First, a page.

I am a group b, dead-serious, lifelong-dream, book-nerd-since-age-three, I-have-to-write-this-story-or-I-will-die type of writer, and participating in NaNoWriMo a few times in young adulthood did help me to reach my goal of writing a proper novel--two of them, actually. But it wasn't quick or easy, and I still haven't released my novels into the world, which is a whole other arduous business if you want to actually make an impact and/or a profit.
There aren't great statistics on the ultimate results of NaNoWriMo participation, but a rough estimate is that about 10% of those who sign up for NaNoWriMo "win," as in, they complete the goal of banging out 50,000 words of what insiders call "wonderful shit" by the end of the month. Less than one in a thousand NaNoWriMo attempts eventually becomes a completed and published novel. And of those published novels, the vast majority fail commercially.
Both self-publishing and traditional publishing are tough, rocky roads. Not many novel drafts become complete novels, and not many completed novels get published. And then, most self-published works dissolve quietly into a vast sea of forgotten stories while only a quarter of traditionally published novels even earn out their advances, let alone result in any significant income or future career prospects for the author.
It's a dreadful business!
That's why I recommend NaNoWriMo only for those who are either truly in it for the process, not the end result, or for those who are doomed to zombie out their days in unfulfilled misery until they write out that story growing inside of them like a malignant tumor.
If you're in the middle, like someone who doesn't care that much about literature or telling a particular story but desperately wants the ego boost of "being an author," honey. Get yourself a tele-therapist or a life coach, and choose an easier path to notoriety. Get on TikTok or something.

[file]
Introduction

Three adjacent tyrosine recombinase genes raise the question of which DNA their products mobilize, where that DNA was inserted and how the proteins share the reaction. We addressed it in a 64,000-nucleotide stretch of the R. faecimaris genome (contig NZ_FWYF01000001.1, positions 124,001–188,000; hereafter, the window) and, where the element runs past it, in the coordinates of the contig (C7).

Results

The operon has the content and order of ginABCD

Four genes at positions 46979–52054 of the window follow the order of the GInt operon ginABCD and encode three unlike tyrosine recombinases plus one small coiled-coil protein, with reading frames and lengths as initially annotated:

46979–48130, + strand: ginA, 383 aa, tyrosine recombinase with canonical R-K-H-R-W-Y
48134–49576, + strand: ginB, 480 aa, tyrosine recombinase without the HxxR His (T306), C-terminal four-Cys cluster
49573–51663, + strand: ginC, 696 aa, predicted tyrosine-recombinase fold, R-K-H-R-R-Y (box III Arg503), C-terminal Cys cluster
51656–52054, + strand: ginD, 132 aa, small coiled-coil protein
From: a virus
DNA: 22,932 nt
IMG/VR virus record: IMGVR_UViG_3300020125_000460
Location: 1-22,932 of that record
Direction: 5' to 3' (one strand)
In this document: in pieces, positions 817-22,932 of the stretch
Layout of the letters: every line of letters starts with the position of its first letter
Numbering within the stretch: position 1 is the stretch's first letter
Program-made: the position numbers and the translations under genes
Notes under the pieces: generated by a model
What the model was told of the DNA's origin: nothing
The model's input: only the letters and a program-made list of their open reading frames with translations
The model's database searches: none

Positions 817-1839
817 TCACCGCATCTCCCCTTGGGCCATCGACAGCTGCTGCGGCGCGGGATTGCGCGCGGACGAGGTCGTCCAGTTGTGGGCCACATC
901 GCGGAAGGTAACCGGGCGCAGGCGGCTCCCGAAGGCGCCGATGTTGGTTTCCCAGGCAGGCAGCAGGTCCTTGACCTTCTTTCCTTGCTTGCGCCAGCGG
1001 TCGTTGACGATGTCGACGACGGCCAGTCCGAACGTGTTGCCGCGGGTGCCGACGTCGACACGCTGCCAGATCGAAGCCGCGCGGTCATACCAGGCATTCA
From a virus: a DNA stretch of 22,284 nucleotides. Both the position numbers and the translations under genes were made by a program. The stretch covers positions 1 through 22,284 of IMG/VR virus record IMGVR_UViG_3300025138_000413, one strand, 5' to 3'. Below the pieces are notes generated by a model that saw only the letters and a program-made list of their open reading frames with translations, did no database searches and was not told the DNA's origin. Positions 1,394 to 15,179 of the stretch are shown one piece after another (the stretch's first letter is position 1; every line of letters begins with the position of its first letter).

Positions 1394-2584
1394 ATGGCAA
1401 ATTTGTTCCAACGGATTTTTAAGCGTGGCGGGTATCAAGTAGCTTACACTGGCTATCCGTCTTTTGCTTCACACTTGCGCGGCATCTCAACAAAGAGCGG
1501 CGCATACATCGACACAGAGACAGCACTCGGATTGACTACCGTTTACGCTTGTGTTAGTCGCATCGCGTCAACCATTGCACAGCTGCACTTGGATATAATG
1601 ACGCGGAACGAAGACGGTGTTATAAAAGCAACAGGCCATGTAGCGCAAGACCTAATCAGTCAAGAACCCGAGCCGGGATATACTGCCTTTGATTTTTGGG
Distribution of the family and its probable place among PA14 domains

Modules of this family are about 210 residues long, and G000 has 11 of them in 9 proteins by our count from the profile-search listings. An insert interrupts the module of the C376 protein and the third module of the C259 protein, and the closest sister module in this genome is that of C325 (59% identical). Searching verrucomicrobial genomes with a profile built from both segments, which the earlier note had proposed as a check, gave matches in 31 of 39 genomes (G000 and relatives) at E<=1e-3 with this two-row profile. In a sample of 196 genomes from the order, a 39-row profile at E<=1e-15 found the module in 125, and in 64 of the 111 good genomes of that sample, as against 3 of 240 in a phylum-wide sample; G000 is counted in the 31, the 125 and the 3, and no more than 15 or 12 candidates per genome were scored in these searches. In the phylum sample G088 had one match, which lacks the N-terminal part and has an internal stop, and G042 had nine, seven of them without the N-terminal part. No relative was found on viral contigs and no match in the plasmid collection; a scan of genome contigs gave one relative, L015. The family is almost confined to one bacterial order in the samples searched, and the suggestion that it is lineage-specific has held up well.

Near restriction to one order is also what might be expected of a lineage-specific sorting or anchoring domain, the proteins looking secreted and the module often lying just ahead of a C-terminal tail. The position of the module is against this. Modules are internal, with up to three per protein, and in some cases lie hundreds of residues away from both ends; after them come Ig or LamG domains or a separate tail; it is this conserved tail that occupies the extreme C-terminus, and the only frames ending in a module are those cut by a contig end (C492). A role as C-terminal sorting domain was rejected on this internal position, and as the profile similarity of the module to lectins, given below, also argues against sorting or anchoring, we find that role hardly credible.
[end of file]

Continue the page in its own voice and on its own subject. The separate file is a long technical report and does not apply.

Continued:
So back to my personal NaNoWriMo journey, I beat the odds and achieved more success than most, but nevertheless I feel this is the right time for me to take a long hiatus from noveling.
I first participated in NaNoWriMo when a close friend dragged me kicking and screaming into it. She had seen me floundering for years in my attempts to write a big, important novel since college, and she kindly put an end to my suffering by hauling me into the loosen-up-and-get-r-done fray of this warm and welcoming writing community.
We both liked it so much that we participated several years in a row--and won sometimes! My creative writing life transformed from a lonesome agony to a sort of dorky-fun team sport, and my friend honed her skills and her writing goals as well. As we became more confident and serious about writing novels, we sought ways to take our writing to the next level by trying out various local novel-writing critique groups, educational workshops, and conferences. They weren't all a bust, but they didn’t connect us to the equally motivated partners and mentors we needed to grow beyond our amateur scribblings. Finally, my friend decided we needed to start our own group—for serious novelists only, to give and receive straight-talking constructive criticism and push each other to learn new skills—and I recruited a couple of other women, a comrade from my local pregnant-ladies group and a lost but earnest young soul who had found community and purpose at a local WriMo meeting. Half of us were pregnant, and half of us were women struggling with pretty serious personal issues, and none of us were independently wealthy (always helpful as an author), but all of us were totally on board.